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Effects of Built Environments on Vehicle Miles Traveled: Evidence from 370 US Urbanized Areas
Concerns over rising fuel prices and greenhouse-gas emissions have prompted research into the influences of built environments on travel, notably vehicle miles traveled (VMT). Accessibility to basic employment has comparatively modest effects, as do size of urbanized area, and rail-transit supplies and usage. Nevertheless, urban planning and city design should be part of any strategic effort to shrink the environmental footprint of the urban transportation sector.
Research findings are consistent with those of other researchers who claim that urban planning and city design should be part of the solution in stabilizing global climates.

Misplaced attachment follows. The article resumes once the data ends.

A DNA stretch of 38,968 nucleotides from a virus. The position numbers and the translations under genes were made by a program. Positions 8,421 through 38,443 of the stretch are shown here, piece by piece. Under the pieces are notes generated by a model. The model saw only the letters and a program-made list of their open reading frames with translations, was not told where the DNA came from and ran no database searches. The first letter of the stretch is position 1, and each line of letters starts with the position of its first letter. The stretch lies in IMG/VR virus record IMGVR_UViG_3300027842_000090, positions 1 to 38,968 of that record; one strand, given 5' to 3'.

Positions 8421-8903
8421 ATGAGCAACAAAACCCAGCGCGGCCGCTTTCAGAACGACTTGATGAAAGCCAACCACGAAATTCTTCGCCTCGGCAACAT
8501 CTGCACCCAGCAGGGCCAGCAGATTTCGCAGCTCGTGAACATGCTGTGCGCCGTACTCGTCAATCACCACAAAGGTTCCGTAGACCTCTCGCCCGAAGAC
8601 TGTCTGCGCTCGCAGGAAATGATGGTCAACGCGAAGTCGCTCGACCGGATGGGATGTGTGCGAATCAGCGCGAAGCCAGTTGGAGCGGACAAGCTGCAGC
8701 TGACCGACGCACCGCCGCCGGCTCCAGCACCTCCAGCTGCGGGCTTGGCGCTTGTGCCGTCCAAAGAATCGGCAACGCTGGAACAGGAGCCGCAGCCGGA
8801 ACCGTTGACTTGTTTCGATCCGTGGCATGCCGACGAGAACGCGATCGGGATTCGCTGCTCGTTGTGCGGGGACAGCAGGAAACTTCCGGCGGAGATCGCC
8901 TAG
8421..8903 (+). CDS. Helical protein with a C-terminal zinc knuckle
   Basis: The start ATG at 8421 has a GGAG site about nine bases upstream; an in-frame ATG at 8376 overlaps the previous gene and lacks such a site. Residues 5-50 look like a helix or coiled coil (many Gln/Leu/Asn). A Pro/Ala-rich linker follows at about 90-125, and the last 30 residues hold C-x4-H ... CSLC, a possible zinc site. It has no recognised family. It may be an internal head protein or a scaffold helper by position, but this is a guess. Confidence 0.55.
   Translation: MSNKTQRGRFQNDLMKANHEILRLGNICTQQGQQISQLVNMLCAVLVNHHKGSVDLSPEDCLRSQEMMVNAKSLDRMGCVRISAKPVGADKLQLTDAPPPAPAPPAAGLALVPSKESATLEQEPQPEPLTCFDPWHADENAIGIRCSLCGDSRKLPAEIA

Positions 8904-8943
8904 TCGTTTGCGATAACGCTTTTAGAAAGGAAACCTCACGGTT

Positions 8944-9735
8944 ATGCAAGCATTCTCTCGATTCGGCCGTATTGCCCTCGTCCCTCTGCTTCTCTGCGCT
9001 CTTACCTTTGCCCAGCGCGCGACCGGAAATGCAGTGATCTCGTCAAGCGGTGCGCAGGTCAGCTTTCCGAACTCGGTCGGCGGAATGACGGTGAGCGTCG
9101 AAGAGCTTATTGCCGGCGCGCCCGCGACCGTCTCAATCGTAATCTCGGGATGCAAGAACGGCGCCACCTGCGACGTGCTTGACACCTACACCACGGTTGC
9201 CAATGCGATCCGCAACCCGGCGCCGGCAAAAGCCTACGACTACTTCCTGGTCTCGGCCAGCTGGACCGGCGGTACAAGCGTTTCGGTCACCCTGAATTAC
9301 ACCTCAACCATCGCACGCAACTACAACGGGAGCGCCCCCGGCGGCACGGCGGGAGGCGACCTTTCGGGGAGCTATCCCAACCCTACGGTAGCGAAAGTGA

We found a moderately strong negative elasticity between population density and VMT/Cap, we also found that the positive association between neighborhood density and roadway provisions, as well as retail accessibility, moderated these effects. By extension, this suggests that the largest VMT reductions would come from creating compact communities which have below-average roadway provisions, more pedestrian/cycling infrastructure, and in-neighborhood retail activities which invite non motorized travel.
Biofuels, plug-in hybrids, and technological advancements can provide supply-side fixes.
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